Mask mandates for elementary schools put child’s social development at risk

Students draw in class at Wilder Elementary School in Louisville, Ky., on Aug. 11, 2021. (Amira Karaoud/Reuters)

There is a real danger in masking children, and everyone around them, during their formative years.

Inot my home state of Texas, Governor Greg Abbott issued an order preventing independent school districts from requiring children to wear masks throughout the school day. But a state judge stayed this order, and now major school districts across the state are implementing mask rules for children and staff members. Rather than trying to create a sanitized learning space, schools should focus on student well-being. A holistic approach to student outcomes is needed more than ever.

Students have not performed well academically during the pandemic. Almost every metric shows that school closures and blended learning were not productive for children. the New York Times reported last month this:

Elementary students in the United States finished the 2020-21 school year four to five months behind where they normally would have been in terms of academic achievement, according to a report by consulting firm McKinsey & Co. which was released on Tuesday. He revealed that many of the most vulnerable students have experienced the most significant setbacks.

Even students have fared poorly during the pandemic. A survey of undergraduate students found that they rated their virtual college experience as quite poor. They responded:

On a five-point scale from “excellent” to “poor”, only 7% of current students rated the value of their education this year as “excellent”, while nearly three times as many (19%) were at the opposite. of the scale rating it as “poor”. Almost half of all students (47%) rated their educational value as ‘fair’ or ‘poor’. No way to coat it in sugar – it’s a disastrous note.

Having taken virtual classes myself, I can personally attest to the fact that learning online is much more difficult than participating in person. But while academic issues related to virtual learning have received a healthy dose of national attention, the effects it — and hidden mandates — may have on children’s social development remain relatively under-examined.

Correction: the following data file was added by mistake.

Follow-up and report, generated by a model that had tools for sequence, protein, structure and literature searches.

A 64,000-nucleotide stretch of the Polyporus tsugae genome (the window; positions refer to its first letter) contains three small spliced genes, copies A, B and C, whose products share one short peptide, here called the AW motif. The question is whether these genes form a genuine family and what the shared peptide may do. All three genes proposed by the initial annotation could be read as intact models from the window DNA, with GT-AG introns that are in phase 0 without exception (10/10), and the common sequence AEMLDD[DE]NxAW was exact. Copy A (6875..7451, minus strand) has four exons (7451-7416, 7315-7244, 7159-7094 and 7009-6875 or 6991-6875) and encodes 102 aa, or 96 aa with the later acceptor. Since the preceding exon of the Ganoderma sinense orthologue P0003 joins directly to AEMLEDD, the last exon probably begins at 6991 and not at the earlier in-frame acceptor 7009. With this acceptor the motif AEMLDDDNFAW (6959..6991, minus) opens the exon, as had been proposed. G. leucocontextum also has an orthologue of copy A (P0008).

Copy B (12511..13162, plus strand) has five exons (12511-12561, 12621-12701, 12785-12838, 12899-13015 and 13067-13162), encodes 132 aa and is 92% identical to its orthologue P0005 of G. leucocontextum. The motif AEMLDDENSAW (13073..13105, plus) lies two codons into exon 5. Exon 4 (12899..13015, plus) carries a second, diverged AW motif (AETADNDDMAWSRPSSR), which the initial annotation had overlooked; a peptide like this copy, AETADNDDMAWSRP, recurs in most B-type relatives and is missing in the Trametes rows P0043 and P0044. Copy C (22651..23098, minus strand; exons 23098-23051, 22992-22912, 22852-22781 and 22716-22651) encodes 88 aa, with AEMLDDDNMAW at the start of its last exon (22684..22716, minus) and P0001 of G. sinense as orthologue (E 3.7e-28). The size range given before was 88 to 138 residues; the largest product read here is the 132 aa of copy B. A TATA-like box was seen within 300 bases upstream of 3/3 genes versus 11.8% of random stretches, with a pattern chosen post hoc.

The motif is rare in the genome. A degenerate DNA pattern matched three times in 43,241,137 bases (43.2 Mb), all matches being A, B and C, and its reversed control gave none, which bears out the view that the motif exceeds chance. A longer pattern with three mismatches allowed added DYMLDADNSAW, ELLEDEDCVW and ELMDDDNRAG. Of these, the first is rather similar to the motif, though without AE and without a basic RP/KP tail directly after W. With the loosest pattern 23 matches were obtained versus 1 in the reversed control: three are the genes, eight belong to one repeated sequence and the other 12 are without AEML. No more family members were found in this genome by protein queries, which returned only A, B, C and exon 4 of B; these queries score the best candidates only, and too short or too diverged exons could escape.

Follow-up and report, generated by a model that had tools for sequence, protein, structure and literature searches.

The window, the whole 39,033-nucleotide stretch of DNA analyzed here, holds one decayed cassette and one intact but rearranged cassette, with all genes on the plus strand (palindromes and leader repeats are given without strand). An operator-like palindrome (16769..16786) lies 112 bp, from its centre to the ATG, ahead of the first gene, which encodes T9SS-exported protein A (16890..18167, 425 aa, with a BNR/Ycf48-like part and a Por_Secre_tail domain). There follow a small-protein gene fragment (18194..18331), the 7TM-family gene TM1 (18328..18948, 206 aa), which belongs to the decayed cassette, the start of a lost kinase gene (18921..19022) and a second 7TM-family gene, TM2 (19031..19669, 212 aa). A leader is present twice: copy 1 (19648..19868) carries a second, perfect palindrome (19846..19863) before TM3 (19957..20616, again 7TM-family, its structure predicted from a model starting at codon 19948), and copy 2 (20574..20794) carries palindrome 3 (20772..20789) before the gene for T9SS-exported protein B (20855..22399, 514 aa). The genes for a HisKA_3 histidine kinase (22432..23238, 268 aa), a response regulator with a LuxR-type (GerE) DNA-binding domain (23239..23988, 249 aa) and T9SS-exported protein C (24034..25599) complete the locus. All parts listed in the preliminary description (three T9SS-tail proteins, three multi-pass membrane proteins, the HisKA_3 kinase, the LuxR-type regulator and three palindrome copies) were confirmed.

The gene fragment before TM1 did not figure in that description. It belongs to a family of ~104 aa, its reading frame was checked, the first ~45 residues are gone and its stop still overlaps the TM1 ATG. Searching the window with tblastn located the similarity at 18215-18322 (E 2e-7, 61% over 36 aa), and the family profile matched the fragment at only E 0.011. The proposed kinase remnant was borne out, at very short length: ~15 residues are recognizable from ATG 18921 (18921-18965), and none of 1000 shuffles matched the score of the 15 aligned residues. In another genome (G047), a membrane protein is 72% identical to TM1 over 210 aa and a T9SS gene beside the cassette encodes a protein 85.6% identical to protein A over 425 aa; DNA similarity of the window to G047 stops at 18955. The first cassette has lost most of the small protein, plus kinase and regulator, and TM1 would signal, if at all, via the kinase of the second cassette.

The vast majority of human interaction is non-verbal. Anywhere from 70 to 93 percent of communication is left unsaid. Therefore, if someone does not know the context of a conversation, it is very difficult for them to understand what is actually being communicated. Human interactions become more subtle as we age, and without proper socialization, interpersonal communication becomes more difficult. Good communication is absolutely crucial for healthy relationships; miscommunication is the main driver of divorce. There is therefore a real danger in masking children, and everyone around them, during their formative years, as it deprives them of the main means of non-verbal communication: the face.

Human beings of all ages are social creatures; we are constantly looking for non-verbal cues and seek affirmation from others. This is especially true for elementary school children, who are just beginning to learn how to interact with their peers. If everyone wears masks, these interactions are more difficult for children to manage and a child’s social development could be delayed.

My point is not that we should ignore public health data or academic performance; it goes without saying that we must absolutely pay attention to the increase in the number of COVID-19 and the delay of children in their studies. We just can’t forget that schooling is also important for non-academic reasons — and that mask mandates could come with real costs in the long run.

Joel C. Hicks